Published on: Aug 21 2013 | Author: admin |

Angus Kurtze was only 10 when he was branded ‘’Kouta’’ by his football coach.

By ZAC MILBANK | Twitter @zacmilbank

Angus Kurtze was only 10 when he was branded ‘’Kouta’’ by his football coach.

Little did the Sturt ruckman realise, the nickname – made popular by Carlton star Anthony Koutoufides – would still be used readily by his team-mates after playing 99 games at SANFL level.

But the 27-year-old’s story gets better when he reveals the man who titled him Kouta was none other than Double Blues great Jim Derrington.

Now, 17 years later, Kurtze’s name will join Derrington on the No.17 locker at Unley once the 199cm giant plays his 100th SANFL match against Port Adelaide at Alberton on Sunday.

‘’There’s a supporter who walks around with a No.17 guernsey and she is quick to remind me that it is for Jim and not me,’’ Kurtze said with a laugh.

‘’Jim is certainly a bit of a legend around the place.

‘’When you look at the names at the locker and realise you have met a couple of them, it is a nice feeling. I guess you are part of the history of the club and no doubt over time I will come to realise what it (playing 100 games) actually means.’’

Recruited to Envestra Park from Pembroke College as a teenager, Kurtze began his career with Sturt in the Under-17s in 2003.

After progressing through the ranks at Oxford Terrace, Kurtze made his debut in Round 4, 2006 under lights against North Adelaide at Adelaide Oval.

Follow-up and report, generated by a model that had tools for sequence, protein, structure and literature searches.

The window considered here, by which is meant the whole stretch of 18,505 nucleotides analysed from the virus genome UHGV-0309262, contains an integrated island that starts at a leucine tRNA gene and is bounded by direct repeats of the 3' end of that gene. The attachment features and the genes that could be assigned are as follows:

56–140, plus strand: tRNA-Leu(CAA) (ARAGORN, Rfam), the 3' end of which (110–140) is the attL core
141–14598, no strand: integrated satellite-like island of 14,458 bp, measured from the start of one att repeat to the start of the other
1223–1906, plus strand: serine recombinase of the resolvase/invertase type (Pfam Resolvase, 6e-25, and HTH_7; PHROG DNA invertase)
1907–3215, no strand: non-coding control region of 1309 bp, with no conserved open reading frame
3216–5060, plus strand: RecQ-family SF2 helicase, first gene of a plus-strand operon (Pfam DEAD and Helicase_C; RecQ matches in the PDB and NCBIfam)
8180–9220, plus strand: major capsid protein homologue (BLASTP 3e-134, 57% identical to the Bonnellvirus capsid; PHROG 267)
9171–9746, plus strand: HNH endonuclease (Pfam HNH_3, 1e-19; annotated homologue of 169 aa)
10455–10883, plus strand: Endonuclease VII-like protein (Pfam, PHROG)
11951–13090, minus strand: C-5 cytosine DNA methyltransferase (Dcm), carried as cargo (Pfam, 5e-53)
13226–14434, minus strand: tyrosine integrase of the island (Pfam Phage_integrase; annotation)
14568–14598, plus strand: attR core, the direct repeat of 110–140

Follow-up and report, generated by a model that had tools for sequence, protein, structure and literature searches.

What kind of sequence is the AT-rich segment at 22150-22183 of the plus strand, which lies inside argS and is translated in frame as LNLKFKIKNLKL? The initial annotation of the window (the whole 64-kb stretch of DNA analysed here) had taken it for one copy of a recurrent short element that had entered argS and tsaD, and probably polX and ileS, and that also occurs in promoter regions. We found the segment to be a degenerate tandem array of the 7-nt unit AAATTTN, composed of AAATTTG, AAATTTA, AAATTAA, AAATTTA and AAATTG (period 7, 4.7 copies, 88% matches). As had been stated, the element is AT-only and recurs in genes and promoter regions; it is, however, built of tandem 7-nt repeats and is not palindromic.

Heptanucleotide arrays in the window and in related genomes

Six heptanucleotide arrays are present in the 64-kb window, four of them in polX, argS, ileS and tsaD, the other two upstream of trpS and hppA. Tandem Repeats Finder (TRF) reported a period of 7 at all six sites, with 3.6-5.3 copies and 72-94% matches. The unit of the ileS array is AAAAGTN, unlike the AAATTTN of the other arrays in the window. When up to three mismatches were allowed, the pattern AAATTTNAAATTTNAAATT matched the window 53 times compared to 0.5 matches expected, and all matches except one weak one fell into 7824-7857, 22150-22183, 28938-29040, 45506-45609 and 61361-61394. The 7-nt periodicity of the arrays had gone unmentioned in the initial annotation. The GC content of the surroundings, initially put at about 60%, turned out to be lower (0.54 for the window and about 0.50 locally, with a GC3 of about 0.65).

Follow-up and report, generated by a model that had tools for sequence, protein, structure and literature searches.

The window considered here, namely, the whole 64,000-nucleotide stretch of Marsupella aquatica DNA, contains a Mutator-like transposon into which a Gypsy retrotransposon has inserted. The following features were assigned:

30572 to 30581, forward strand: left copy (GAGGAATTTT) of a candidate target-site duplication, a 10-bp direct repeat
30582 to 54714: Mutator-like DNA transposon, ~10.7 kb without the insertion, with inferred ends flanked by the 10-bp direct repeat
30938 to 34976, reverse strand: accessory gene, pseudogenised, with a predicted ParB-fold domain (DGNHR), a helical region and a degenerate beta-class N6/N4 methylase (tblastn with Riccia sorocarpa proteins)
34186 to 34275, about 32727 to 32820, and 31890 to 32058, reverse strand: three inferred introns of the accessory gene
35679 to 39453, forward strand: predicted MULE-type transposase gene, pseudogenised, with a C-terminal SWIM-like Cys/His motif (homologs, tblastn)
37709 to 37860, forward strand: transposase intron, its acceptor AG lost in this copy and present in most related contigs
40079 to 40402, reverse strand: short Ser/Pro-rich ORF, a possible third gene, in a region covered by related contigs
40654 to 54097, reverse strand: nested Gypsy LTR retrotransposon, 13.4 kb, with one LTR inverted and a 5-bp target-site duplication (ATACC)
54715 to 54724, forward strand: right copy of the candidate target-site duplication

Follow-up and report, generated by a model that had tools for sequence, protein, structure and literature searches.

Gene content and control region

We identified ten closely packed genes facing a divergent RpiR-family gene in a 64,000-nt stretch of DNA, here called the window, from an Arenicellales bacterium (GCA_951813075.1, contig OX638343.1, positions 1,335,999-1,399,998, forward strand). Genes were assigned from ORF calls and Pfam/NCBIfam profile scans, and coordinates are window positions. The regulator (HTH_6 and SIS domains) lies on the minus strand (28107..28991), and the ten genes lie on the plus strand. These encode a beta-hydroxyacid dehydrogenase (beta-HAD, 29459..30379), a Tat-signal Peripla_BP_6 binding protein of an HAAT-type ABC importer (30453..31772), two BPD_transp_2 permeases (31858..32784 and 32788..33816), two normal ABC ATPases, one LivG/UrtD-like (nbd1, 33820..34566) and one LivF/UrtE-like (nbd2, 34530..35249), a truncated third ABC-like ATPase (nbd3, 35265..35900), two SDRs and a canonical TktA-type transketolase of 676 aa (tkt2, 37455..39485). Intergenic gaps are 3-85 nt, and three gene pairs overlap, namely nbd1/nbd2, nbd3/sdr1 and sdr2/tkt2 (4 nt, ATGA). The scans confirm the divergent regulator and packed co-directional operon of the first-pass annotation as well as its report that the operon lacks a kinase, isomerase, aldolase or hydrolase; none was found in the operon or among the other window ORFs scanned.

‘’All I can really remember from the night is that we got smashed,’’ said Kurtze, a lawyer at Thomsons Lawyers in the city.

From there, the raw ruckman resembled a yo-yo for several seasons as he was regularly forced to make way for fellow ruckmen such as seasoned star Simon Feast and Power-listed Fabian Deluca.

‘’It was a bit tough at the time,’’ Kurtze admitted.

‘’But there were some obvious players to replace me at the time so I understood it from a coaching perspective. At the time, it was good to have so many mates in the reserves so you were going back to a team that you still felt a part of so it was a lot easier.

‘’It was frustrating in that you want to play as many league games as you can to develop as a player but that is part of footy, you take the good with the bad.’’

The good Kurtze took with the bad was the opportunity to be guided by Feast, a premiership ruckman and duel best-and-fairest.

‘’He was great as he was obviously a fantastic player and mentor,’’ Kurtze said of the former Sydney Swan.

‘’He knew he wasn’t going to be around too much longer so he really took the time to teach the younger ruckmen by passing on some hints and tricks along the way.

‘’He taught me how to spread from contests effectively as he was always very smart in how he did that. Towards the end of his career he wasn’t the best runner but he always knew where to run, the angles to take and when to push back. That was the best advice he gave me.’’

Suddenly the tables have turned with Kurtze playing a mentoring role to the younger ruckmen at Sturt such as former Power stringbean Mitch Curnow.

‘’We’ve got a few good young ruckmen coming through so I am sure one of them will step up next year,’’ Kurtze said.